Someone checking out at the Market. Courtesy of The Bethel Journals

BETHEL — Homemade sausage, home-cured hams, and bacon were some of the signature items patrons could find at the old Bryant’s Market. The nearly nine-decade family run business spent the bulk of its time on Main Street in Bethel.

Chauncey Bryant, born in Woodstock in 1852, was responsible for getting the business going. He purchased property on the Middle Intervale Road in 1876, with plans to start a slaughter house.

Within a year of buying the farm, Bryant had completely remodeled the place. He also had “equipped” his slaughter house with the “latest improved trolley system, enabling him to dress slaughtered stock in advantage,” according to the Bethel Journals. His slaughter quickly became one of the best in the county.

Bryant was  involved with wholesale trade in beef, pork, mutton, poultry and game. In 1899 he acquired a license to buy and sell deer meat also.

A meat dealer was only a small part of his extensive involvement in the area. Bryant also belonged to the Masonic Lodge, Mount Abram Lodge and the Independent Order of Odd Fellows (I.O.O.F.).

His meat business eventually moved to Main Street, where it served the town as a grocer and market. In 1902, Chauncey’s son, William Bryant, bought the store and continued on his father’s successful path.

“In 1904, a new two-and-one-half story building was put up on the site of the smaller original store which had been moved to the building neighboring it,” according to the Bethel Journals. There was an apartment on the second floor of the new building.

The revamped store used all “modern methods of refrigeration and appliances.”

In 1929, in an effort to stay true to their local roots, William joined together with the Independent Grocers’ Alliance (IGA) of America, which had been founded three years earlier.

By this point, William’s son, Myron Bryant, was involved with the family business too. Myron incorporated sporting goods, such as guns and ammo, as part of the store. And, like William and Chauncey, Myron specialized in meat cutting.

After World War II, Myron “changed the store’s operation from the traditional clerk-assisted way to self-service. The market was now the only Main Street grocery store to have this service. Other stores in the area at the time were the Red and White, the A & P,  and First National, which were all located on Main Street, and Kellogg’s General Store, located on Railroad Street.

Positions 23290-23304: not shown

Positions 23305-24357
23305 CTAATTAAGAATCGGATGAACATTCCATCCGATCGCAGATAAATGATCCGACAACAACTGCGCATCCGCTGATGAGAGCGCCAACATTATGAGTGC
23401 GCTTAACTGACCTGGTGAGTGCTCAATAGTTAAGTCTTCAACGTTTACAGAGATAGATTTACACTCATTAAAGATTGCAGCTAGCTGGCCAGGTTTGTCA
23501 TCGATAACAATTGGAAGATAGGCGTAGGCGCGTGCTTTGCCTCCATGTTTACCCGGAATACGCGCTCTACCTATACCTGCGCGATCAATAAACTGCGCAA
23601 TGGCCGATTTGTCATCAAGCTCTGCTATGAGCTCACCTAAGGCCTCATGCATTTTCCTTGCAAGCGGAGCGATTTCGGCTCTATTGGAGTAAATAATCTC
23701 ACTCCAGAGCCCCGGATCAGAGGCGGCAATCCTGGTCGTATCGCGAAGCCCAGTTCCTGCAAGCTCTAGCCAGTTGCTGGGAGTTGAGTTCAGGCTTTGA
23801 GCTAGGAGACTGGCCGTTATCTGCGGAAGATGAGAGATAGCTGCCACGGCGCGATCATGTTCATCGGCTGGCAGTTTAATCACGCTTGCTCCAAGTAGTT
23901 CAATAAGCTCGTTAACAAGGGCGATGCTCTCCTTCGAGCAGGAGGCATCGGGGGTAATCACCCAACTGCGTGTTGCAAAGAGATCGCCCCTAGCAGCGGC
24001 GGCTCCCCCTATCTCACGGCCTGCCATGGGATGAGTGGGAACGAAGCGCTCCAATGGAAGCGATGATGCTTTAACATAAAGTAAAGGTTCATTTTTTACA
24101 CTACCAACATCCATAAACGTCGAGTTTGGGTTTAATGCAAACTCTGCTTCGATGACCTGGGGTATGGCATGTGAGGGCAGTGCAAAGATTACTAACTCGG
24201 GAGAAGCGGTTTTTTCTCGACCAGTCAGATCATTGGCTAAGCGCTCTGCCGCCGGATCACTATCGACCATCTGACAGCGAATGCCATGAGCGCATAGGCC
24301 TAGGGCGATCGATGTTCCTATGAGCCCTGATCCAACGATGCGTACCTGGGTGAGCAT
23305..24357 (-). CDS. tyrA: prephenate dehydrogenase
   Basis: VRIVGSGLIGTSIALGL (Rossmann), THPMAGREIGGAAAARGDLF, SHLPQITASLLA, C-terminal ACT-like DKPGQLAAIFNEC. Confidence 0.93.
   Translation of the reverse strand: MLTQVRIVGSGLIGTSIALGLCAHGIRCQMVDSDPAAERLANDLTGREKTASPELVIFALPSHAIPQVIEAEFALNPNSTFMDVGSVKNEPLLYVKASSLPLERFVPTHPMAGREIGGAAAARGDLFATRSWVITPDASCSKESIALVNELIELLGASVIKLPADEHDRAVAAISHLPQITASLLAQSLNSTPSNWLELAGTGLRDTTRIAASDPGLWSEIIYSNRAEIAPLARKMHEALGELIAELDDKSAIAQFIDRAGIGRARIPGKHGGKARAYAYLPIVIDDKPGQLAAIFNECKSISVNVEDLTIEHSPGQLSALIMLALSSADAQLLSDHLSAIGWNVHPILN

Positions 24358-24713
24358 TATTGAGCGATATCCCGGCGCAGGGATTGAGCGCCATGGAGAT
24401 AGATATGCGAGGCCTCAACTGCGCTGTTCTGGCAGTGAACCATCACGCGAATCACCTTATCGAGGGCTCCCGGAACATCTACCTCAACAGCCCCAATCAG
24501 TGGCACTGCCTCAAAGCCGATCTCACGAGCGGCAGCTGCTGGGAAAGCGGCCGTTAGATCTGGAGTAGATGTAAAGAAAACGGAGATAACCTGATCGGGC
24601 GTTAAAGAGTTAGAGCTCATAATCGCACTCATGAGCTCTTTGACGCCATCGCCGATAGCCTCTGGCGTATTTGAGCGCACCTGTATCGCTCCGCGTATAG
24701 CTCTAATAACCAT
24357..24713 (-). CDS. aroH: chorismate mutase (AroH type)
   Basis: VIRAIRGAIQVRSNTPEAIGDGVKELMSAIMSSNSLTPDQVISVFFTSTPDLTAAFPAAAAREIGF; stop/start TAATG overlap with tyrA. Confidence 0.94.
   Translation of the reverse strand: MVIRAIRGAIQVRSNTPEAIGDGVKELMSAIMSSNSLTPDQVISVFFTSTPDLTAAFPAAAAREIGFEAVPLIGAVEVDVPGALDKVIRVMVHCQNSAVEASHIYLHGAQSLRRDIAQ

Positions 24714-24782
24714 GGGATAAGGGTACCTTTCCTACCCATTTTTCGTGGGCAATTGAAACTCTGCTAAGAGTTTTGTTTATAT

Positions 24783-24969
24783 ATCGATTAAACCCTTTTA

Other changes made were a new entrance to the store and “check out aisles with cash registers for each station.”

At this time Myron was in his mid-40’s, and with his children, Carolyn and Richard (Dick) having just graduated from Gould, they, too, became part of the family operation. Dick worked full time and Carolyn part-time. Dick eventually took over as manager from Myron.

In 1963, Harvey’s Restaurant (located across from Brooks Hardware Store) was leveled by a fire. Doris Bryant, now widowed, (Myron died in 1961) bought the property where Harvey’s had stood. A new building, consisting largely of brick, was built. On June 25, 1964, the Bethel Citizen reported that Bryant’s Market had opened up at the new location (where the current IGA stands), leaving its former spot of more than 60 years. The building where Bryant’s had stood was torn down shortly after.

The Bryant family cut ties with the business in 1968, after Dick ended his partnership with the IGA. The store has since been owned by the Glidden family and Pat and Carl Glidden have owned the store themselves since 1978. “The owners are associated with Hannaford Bros. for much of the store’s produce,” according to The Bethel Journals.

 

 

 

 

 

 

 

 


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